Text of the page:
1. Lang, Sharyn Vaughn MSN, RN, ACPHN, ACNS-BC

Article Content


To establish a hospital-wide inpatient palliative care consultation program utilizing a collaborative approach between a clinical nurse specialist (CNS) and physician.



To provide a choice of palliative care to individuals with advanced complex illness who are facing disruption of their perceived quality of life. To act on the vision for culture change in an academic community Magnet hospital, valuing the expertise of the (CNS) as consultant and advanced practice nurse (APN) and giving a voice to other CNSs to reclaim their advanced practice roles.



The advancement of technology often prolongs death instead of prolonging life. Individuals with advanced complex illness need adequate information and time before making treatment choices. The CNS as consultant and clinical expert is able to facilitate thoughtful conversations about treatment choices. The CNS is able to navigate across system lines and collaborate with varied disciplines.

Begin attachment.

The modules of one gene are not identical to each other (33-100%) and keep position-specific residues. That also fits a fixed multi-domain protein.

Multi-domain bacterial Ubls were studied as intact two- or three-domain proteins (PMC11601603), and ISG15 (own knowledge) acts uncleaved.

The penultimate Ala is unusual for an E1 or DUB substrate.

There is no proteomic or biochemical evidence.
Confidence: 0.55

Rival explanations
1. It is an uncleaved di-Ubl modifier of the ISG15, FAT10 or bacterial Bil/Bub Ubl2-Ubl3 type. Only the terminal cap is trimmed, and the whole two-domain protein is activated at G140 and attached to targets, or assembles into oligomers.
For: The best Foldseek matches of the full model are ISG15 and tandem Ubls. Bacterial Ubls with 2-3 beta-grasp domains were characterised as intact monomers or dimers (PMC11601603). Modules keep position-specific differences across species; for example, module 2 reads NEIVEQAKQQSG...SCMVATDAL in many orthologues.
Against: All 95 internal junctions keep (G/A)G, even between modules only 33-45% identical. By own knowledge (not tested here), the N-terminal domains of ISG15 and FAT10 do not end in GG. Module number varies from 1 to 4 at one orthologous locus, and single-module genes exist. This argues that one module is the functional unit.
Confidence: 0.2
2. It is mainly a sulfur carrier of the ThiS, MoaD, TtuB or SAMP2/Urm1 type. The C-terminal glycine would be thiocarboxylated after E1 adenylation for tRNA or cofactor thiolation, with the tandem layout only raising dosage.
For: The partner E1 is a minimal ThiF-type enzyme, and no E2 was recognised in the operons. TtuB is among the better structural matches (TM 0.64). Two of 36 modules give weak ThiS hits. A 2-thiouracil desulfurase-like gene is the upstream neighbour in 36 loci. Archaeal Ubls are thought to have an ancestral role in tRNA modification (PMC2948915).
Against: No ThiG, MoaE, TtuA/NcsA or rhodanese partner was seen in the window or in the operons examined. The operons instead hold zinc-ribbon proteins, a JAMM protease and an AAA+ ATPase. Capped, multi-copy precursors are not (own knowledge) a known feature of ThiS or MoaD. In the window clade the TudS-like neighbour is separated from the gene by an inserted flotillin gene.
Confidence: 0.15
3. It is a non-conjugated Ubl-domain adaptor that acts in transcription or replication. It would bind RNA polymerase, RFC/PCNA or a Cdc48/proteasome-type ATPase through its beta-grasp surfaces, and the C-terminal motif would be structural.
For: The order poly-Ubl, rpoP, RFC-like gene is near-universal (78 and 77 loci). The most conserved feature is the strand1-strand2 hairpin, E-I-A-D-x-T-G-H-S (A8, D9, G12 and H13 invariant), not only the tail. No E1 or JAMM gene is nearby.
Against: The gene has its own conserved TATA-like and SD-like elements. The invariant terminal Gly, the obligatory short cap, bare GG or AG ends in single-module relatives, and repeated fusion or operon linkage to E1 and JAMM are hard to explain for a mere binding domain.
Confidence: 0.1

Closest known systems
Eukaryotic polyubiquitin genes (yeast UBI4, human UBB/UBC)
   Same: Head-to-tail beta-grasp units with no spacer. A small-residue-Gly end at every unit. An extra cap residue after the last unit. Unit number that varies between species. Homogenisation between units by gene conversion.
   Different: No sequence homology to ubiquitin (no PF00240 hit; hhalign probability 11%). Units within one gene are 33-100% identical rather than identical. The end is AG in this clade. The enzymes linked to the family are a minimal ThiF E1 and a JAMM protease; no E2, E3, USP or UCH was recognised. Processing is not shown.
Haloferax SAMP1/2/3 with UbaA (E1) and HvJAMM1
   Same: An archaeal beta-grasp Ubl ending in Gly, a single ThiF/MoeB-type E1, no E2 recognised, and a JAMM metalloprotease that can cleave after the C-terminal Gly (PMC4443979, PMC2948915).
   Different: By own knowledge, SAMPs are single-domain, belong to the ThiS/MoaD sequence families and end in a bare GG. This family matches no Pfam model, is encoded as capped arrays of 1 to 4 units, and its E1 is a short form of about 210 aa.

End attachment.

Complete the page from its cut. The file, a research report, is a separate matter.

The program was piloted on one geriatric unit, with staff education designed and provided by the CNS. Consults were collaboratively completed with the CNS and physician. After working through concerns and flow issues, the program moved to other units.



Hospital-wide implementation and acceptance of palliative care. Preliminary data show decreased length of stay and costs per case with improved staff and patient satisfaction. Hospital's increased awareness of CNS as APN.



The CNS has the ability to work collaboratively and cross the cultural divides of institutions. The CNS promotes the image of nursing and is able to educate others to improve patient outcomes. The CNS as consultant is able to provide support to the patient and family.


Implications for Practice:

Working within the three spheres of CNS practice, the CNS maintains excellence in practice, educates patients and staff, and promotes system change. Other CNSs within the network have a vision for change within their specialties. The success of this program brings value to the role of the CNS. The voice of the CNS is necessary to provide nursing excellence for those in our charge.


Section Description

The journal is proud to share the student abstracts accepted for poster presentation at the 2009 National Association of Clinical Nurse Specialists Conference. These abstracts are submitted under a separate later deadline and therefore did not appear in the journal with the general abstracts. Congratulations to these CNS students and their faculty mentors.